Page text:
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Forging of Alliances/Making of Enemies

One of the features of Tribal Wars that distinguishes from other real-time strategy games is the extent to which your relationship with the surrounding villages affects your standing in the game. Even as early on as the tutorial stages, you are encouraged to interact with other tribes that surround you in order to develop relationships with them; this is not simply an elaborate way of socialising, however, but is rather an essential part of securing the safety and the eventual prosperity of your village. Once you have shaken off the training wheels of the tutorial, you are pretty much left to fend for yourself, and if your relationships with the surrounding villages are strained (or even worse, non-existent), you will find yourself at a disadvantage because you can pretty much guarantee that there are multiple villages out there that belong to one tribe whose cumulative strength is greater than that of any of the individual villages that it is comprised of.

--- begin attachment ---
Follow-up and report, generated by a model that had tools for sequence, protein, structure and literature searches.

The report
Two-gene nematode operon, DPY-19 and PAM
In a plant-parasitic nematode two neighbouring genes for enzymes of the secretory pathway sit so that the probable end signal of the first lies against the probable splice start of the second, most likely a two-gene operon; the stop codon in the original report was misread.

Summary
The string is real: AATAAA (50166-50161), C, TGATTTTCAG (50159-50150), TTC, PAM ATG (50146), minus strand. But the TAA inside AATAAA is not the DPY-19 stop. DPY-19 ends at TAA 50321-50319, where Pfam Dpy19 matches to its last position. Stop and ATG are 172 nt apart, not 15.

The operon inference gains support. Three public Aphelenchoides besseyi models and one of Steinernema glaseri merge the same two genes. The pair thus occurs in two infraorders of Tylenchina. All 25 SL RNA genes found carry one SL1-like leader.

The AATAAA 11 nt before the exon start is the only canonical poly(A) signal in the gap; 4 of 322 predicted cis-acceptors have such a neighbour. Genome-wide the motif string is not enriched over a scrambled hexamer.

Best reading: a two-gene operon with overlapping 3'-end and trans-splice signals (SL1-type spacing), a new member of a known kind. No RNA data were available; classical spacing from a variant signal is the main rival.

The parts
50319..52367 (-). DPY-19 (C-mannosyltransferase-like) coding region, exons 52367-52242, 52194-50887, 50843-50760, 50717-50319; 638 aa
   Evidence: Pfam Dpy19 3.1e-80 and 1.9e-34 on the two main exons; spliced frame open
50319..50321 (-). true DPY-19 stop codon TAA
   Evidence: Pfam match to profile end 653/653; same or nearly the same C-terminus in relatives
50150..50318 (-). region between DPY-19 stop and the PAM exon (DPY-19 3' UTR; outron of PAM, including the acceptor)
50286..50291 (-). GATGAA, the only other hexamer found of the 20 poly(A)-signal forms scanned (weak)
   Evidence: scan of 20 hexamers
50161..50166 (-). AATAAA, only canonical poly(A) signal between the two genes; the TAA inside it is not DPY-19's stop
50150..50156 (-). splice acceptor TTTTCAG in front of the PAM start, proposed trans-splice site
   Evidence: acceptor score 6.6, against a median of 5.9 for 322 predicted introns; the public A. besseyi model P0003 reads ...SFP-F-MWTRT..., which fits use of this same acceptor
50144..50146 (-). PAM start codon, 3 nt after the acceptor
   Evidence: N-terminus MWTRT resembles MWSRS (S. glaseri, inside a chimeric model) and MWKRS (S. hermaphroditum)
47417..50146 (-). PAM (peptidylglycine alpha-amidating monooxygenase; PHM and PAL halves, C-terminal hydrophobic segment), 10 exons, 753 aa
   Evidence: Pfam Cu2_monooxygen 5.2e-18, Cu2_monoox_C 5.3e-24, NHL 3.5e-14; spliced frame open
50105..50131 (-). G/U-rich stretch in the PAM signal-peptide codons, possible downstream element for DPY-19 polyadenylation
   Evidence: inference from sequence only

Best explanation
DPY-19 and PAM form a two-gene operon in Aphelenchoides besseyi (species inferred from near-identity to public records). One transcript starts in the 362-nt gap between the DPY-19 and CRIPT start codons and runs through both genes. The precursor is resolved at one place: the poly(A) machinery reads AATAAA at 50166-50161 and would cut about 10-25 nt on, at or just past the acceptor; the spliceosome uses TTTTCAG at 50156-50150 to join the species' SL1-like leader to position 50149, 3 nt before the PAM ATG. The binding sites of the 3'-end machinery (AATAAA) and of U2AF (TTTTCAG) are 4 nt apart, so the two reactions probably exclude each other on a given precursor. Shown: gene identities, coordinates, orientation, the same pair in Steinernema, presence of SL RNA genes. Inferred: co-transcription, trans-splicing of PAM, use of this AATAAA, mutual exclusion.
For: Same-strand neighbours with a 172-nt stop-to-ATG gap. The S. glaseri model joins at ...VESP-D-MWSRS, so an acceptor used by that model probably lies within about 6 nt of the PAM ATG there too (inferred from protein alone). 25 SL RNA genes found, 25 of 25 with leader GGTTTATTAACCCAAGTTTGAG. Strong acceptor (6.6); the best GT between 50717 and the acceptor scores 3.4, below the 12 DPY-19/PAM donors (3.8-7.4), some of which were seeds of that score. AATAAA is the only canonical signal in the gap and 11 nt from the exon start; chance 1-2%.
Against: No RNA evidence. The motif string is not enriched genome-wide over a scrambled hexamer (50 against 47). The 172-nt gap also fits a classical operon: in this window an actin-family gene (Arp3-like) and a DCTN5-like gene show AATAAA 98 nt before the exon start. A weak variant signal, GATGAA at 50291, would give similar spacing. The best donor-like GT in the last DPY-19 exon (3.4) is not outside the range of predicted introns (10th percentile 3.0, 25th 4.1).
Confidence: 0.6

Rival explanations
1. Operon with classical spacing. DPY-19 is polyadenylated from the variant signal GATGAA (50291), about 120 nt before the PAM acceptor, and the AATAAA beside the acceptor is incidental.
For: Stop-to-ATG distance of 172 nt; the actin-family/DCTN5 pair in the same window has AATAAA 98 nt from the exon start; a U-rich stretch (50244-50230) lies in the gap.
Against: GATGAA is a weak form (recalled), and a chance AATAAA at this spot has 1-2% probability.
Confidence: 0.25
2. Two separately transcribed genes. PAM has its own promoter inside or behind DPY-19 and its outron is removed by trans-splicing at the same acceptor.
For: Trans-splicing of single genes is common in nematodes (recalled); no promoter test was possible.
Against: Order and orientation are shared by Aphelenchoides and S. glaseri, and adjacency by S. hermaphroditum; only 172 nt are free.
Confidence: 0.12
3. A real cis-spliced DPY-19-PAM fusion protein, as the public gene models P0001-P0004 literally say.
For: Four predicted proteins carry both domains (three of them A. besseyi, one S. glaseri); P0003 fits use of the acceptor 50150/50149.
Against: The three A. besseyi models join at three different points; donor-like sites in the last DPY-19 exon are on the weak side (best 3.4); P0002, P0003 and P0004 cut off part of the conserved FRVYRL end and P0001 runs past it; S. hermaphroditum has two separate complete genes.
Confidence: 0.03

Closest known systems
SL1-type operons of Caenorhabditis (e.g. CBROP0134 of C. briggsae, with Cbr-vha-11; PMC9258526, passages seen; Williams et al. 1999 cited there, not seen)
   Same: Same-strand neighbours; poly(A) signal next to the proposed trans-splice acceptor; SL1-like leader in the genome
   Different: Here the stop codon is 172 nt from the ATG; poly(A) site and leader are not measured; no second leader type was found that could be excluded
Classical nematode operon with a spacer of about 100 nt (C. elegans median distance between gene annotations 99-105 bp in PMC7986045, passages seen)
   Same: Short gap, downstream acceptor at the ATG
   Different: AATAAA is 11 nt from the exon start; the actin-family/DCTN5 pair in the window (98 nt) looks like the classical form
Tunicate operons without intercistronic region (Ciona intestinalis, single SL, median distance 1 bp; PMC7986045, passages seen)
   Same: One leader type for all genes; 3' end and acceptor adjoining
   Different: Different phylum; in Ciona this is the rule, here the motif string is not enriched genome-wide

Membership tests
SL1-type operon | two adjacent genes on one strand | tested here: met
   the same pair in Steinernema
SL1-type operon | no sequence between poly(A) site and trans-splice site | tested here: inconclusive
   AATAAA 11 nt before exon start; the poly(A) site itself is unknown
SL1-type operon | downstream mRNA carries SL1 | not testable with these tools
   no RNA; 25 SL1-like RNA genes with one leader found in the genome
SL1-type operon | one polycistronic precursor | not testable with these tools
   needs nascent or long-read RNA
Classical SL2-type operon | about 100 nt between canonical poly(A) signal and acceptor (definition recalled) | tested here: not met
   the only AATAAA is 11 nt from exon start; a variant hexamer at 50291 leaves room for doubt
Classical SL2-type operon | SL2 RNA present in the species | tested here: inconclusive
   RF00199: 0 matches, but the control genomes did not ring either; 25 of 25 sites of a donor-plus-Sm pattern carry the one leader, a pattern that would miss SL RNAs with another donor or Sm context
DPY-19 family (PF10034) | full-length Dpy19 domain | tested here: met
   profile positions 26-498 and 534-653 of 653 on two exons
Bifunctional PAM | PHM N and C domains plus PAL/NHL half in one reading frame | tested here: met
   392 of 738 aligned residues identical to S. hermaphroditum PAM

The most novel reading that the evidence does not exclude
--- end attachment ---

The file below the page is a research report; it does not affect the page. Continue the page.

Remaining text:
Applying to join a tribe is a definite way to strengthen your position in whichever world you choose to build your village; being part of a tribe means that if you do happen to get attacked you then have allies with which you can launch a retaliatory strike. Communicating with your neighbouring villages, whether in a call for alliance or to issue a warning of imminent attack, is an integral part of the Tribal Wars experience, adding greatly to the ‘real-time’ feel of the gameplay and to the sense of community within the game. 

Tribal Wars: Continent 75

The map denotes your position in the fictional Tribal Wars World; be sure to keep up relations with your neighbours

A Numbers Game

Aside from the graphical representation of your village as it progresses (which, while fairly basic is quite detailed and reasonably animated), the action that takes place in the game is based entirely on mathematical projection and calculation of outcomes based on the current attributes of your city. Battles do not take place on a visual battlefield, but rather on a screen where you input the troops you wish to deploy and the results are calculated numerically and without any further input from the player. This is a far cry from games such as Tribal Wars which allow for some manoeuvring and strategy in battle, and absence of this sort of freedom is one of the main drawbacks of Tribal Wars.

The Cost of Progress